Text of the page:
Does Spain Really Need a King?

Juan Carlos helped vanquish fascism. But that's a distant memory for Spanish youth.

On Monday, Juan Carlos, Spain's king for the past four decades, abdicated his throne and ceded power to his son, Prince Felipe. Making the moment all the more poignant, the 76-year-old monarch did so by addressing Spaniards from behind his desk, just as he had 33 years earlier, during the most famous minute-and-a-half of his reign.

In 1981, Juan Carlos spoke to a nation in crisis. The king, then 43 and six years into his rule, appeared in uniform and denounced an attempted military coup, declaring that "the Crown, the symbol of the permanence and unity of the nation, cannot tolerate, in any form, actions or attitudes of people attempting by force to interrupt the democratic process." Francisco Franco, Spain's right-wing dictator, had tapped Juan Carlos as his successor before Franco's death in 1975, but the king took Spain in a different direction, establishing a constitutional monarchy. His speech in 1981 helped secure the country's transition to a parliamentary democracy:

In 2014, Juan Carlos once again spoke to a nation in crisis—this time one in the throes of a hellish economic malaise. "The long and deep economic crisis we are suffering from has left serious scars in the social fabric," the king observed, but "these difficult years have allowed us to take self-critical stock of our errors and our limitations as a society."

The national addresses serve as bookends to Juan Carlos's reign, but they also highlight a paradox of the Spanish monarchy: It is an anti-democratic institution that, at least historically, has served as a guarantor of democracy.

"In our recent collective memories we still have the role of the king in bringing about reconciliation, in helping the Transition, in the writing and approval of a Constitution that guarantees the principles of democracy, in helping to save that democracy from a military coup," former Prime Minister José Luis Rodríguez Zapatero told Spain's El País last year. "For that reason, I believe that Spanish parliamentary democracy is tied to the monarchy, and specifically with the career of Juan Carlos I."

Keep in mind, however, that Zapatero is 53. His memories are not the same as those of a 30-year-old Spaniard, who's grown up in a democratic Spain with no memory of the king's 1981 speech, or the role it played in vanquishing Franco's fascism. More than half of Spain's younger generation is unemployed, and many see the monarchy as a pointless extravagance if not a blight on the country, especially when the king goes elephant-hunting in Botswana or his daughter and son-in-law are accused of corruption.

In announcing his plans to bequeath the throne to his son, Juan Carlos repeatedly referenced the need to empower Spain's youth. A "new generation is rightly claiming its role as protagonist, just as happened in a crucial moment of the history of the generation to which I belong," he explained.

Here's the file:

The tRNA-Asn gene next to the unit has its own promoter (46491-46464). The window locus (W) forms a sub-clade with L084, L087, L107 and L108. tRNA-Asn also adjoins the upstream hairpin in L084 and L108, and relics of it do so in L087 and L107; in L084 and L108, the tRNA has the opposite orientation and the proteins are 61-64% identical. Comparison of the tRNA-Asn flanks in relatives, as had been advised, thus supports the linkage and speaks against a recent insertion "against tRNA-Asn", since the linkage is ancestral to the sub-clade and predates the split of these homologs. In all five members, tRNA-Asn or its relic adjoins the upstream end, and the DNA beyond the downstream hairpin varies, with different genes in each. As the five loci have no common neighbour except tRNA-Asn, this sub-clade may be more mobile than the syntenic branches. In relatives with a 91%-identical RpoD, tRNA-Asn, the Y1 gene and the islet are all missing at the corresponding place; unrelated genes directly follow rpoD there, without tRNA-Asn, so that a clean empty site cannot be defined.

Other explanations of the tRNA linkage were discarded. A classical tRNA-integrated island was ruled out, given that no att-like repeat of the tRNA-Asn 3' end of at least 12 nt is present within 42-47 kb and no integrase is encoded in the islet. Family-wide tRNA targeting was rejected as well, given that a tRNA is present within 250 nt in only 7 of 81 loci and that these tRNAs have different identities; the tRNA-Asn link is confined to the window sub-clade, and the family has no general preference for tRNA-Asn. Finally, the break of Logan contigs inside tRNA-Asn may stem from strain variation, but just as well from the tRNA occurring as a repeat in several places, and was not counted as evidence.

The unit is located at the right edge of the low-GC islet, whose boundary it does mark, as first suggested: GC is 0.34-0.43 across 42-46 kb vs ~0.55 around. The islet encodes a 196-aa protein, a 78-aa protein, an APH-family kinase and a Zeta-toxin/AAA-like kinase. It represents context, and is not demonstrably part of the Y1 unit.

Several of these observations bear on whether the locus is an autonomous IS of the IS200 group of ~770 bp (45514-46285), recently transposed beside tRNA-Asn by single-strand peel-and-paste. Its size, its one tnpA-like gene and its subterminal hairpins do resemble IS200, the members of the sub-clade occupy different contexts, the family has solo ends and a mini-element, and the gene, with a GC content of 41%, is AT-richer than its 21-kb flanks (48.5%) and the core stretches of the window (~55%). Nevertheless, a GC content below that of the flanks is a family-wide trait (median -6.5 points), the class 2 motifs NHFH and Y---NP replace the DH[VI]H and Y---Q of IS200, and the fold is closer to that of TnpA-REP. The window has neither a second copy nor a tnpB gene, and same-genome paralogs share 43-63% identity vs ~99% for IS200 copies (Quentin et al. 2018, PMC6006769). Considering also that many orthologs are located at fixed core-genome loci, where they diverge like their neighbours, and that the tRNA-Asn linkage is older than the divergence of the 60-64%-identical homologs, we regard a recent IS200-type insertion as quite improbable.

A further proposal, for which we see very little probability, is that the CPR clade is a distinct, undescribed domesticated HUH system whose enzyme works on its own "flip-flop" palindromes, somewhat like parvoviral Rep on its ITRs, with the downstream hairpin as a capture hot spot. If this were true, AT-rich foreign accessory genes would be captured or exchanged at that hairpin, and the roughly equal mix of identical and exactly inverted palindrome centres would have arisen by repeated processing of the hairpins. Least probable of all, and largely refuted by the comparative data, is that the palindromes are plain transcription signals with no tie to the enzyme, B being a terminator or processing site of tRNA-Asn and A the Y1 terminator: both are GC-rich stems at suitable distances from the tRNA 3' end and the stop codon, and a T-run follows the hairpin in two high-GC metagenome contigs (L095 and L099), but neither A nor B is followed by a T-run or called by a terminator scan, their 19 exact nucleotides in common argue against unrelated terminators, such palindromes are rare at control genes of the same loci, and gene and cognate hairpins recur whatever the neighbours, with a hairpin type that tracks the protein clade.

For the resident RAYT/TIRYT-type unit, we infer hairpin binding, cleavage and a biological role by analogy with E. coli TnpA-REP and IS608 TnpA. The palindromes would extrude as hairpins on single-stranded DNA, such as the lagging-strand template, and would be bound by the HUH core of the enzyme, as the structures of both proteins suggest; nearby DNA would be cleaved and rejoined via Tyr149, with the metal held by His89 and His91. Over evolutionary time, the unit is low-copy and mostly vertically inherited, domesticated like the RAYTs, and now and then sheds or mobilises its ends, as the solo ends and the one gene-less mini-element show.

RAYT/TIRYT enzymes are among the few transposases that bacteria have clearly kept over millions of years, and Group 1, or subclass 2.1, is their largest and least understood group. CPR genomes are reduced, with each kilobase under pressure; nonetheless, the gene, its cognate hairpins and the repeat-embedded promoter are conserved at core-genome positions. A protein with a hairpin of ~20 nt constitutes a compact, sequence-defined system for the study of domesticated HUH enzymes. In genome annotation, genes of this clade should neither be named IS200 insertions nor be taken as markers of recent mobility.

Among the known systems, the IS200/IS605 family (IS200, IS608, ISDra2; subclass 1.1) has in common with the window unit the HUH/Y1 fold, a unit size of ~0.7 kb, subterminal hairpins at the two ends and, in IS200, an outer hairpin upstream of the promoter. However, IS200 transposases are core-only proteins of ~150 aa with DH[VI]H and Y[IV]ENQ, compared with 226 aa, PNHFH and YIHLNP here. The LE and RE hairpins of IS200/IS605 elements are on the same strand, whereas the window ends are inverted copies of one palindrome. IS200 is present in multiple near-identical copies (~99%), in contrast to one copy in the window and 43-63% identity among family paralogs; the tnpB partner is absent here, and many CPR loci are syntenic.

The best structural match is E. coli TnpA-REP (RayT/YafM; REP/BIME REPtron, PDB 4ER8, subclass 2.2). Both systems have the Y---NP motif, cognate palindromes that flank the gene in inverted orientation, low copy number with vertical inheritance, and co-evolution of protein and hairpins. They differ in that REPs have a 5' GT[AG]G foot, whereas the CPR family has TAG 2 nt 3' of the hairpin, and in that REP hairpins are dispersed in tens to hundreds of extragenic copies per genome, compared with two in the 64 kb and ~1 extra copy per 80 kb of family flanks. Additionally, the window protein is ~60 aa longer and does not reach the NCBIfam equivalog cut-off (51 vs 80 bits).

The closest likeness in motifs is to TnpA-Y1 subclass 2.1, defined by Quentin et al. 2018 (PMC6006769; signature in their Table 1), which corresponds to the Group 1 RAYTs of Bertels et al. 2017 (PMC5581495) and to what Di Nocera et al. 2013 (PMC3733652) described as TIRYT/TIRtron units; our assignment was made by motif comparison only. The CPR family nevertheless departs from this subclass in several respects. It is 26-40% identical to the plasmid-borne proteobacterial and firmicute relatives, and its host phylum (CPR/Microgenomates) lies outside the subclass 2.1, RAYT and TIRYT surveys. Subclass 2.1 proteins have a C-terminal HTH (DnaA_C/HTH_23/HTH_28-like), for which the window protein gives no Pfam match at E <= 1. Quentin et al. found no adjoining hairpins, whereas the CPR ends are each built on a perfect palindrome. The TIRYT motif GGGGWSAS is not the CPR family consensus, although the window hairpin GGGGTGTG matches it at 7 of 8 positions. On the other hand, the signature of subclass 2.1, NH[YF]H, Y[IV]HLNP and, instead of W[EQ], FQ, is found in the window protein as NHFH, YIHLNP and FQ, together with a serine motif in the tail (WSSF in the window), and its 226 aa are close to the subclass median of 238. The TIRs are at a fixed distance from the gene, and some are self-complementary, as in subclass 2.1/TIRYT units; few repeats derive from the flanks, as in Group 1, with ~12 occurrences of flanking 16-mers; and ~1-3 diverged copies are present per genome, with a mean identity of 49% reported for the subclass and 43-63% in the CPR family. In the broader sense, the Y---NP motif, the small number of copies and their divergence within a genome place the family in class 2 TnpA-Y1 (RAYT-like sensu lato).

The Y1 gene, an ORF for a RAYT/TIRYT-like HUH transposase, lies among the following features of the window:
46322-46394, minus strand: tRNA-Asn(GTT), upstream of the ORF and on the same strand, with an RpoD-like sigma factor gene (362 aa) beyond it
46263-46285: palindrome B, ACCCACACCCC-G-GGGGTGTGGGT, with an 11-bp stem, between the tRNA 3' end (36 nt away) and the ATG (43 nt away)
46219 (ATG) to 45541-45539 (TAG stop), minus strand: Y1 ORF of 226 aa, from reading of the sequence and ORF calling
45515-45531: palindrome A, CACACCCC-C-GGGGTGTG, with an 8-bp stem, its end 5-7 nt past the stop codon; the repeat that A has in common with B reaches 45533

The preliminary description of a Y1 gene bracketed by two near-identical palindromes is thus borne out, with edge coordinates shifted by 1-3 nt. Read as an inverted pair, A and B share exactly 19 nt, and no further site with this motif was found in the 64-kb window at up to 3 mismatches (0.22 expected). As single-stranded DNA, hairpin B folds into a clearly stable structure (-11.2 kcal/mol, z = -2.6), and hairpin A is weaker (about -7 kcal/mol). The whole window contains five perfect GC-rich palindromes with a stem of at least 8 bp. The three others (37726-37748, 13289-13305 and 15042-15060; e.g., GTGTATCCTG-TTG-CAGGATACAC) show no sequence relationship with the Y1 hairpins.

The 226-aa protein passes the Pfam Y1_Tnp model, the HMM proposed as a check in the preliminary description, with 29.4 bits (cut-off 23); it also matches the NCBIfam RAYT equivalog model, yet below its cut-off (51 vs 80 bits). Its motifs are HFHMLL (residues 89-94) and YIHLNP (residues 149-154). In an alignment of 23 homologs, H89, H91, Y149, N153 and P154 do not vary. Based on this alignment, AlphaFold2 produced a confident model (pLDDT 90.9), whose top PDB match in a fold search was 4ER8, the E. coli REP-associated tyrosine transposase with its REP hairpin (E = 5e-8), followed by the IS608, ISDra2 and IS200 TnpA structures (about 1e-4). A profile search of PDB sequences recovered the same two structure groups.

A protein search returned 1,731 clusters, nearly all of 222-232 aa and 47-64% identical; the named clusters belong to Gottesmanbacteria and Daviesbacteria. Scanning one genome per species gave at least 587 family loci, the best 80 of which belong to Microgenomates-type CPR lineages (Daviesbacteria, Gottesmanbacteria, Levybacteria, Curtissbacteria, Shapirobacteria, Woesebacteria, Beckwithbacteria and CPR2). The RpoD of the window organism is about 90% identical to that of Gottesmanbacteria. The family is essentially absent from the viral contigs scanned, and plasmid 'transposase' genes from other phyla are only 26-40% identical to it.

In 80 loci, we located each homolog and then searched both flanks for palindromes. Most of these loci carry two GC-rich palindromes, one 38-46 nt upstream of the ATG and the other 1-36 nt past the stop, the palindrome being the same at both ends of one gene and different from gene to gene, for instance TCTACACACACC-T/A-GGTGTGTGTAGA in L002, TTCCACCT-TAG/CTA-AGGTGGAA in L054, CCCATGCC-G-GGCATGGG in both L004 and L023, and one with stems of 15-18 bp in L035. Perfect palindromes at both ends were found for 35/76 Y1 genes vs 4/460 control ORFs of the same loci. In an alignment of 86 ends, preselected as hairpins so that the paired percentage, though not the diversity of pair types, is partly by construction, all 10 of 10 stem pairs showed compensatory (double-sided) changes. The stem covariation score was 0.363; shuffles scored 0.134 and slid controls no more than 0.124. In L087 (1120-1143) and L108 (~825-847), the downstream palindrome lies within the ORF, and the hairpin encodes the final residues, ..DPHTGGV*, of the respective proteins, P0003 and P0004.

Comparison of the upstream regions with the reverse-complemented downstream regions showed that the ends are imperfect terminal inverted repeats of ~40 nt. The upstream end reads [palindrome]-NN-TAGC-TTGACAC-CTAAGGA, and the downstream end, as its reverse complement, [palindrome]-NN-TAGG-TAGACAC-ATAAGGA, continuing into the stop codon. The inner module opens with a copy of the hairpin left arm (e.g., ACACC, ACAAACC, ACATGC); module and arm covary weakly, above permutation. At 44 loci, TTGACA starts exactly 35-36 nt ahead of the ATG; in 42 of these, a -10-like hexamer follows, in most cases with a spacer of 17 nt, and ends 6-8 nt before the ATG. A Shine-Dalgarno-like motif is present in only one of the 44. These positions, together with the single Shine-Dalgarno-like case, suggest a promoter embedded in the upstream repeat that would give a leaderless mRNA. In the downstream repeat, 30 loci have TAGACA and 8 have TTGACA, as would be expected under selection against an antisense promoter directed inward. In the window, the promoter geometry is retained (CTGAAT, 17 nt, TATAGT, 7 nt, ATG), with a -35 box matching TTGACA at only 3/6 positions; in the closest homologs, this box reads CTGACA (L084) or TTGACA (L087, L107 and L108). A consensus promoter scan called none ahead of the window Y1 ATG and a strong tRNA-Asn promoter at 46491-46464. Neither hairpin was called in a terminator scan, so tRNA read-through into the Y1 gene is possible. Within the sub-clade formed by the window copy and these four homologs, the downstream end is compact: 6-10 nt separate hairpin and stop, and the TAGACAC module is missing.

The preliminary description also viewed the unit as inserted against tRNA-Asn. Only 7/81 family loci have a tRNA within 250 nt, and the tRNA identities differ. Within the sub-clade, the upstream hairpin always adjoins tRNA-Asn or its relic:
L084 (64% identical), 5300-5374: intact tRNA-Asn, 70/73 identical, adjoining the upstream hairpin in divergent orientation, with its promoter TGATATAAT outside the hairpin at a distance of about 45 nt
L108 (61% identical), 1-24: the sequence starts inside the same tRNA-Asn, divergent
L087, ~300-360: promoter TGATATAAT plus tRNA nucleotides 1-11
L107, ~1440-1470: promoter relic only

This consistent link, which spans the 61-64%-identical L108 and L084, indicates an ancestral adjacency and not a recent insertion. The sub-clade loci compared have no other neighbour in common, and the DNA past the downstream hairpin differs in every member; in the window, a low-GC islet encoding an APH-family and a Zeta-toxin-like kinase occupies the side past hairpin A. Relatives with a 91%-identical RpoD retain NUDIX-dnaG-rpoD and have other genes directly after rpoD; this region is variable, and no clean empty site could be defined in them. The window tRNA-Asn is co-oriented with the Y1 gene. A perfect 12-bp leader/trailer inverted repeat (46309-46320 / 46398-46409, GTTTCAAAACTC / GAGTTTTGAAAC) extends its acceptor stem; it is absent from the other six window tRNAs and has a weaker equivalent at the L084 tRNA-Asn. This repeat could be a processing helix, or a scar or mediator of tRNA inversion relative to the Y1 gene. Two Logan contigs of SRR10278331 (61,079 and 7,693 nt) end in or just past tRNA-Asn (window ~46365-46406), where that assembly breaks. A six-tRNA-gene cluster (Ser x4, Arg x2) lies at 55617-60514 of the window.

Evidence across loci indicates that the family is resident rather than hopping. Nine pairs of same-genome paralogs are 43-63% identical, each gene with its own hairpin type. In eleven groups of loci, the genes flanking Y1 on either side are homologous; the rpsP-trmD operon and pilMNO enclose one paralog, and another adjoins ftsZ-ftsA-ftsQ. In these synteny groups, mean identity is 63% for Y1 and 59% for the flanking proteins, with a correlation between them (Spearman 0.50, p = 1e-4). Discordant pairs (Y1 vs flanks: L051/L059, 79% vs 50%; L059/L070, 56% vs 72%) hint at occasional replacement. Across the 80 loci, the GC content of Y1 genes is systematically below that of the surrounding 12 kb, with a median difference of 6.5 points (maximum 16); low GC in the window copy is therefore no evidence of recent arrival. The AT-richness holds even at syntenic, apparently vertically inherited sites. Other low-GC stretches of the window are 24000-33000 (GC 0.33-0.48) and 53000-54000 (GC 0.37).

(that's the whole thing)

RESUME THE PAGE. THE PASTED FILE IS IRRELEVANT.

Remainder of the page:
But what direction will this new generation take the monarchy in? In the Financial Times on Monday, David Gardner argued that Juan Carlos's abdication signals "the end of Spain's transition to democracy," and the start of a new existential crisis for the country that will necessitate political reforms:

Spain is in deep institutional crisis and facing a constitutional train crash over Catalonia’s threat to secede. Unemployment has blighted more than half of its young, a generation facing ruin. As the recent European elections showed, mainstream parties are discredited, with the combined tally of the ruling right-wing Partido Popular and the Socialists falling below 50 per cent, and insurgent groups like the left-wing Podemos (We Can) striking a popular and populist chord. The Socialist leader has resigned and already the party is talking about “one member, one vote” to elect his successor, in at least formal emulation of Podemos.

Changing the royal guard may change the conversation for a while. But the Bourbons are bowing to reality rather than changing it.

The popularity of the Spanish monarchy and king has undoubtedly suffered in recent years; an El Mundo poll in January found that only 50 percent of respondents supported the monarchy as a system of government for Spain. But the trend is most pronounced among young people. The same poll revealed that 79 percent of 18- to 29-year-olds wanted Juan Carlos to abdicate in favor of Felipe, compared with 65 percent of 30- to 44-year-olds, 59 percent of 45- to 64-year-olds, and 47 percent of those older than 65.

The question is whether Spanish youth will be content with a younger, more popular, less scandal-tainted king, or whether they will demand significant changes to the monarchy or even its outright abolition. An El País survey in May indicated that 64 percent of 18- to 34-year-olds agreed that Spain's transition to democracy wouldn't have been possible without Juan Carlos, and that the crown is firmly established in the country.

Spanish democracy may yet have room to accommodate the House of Bourbon.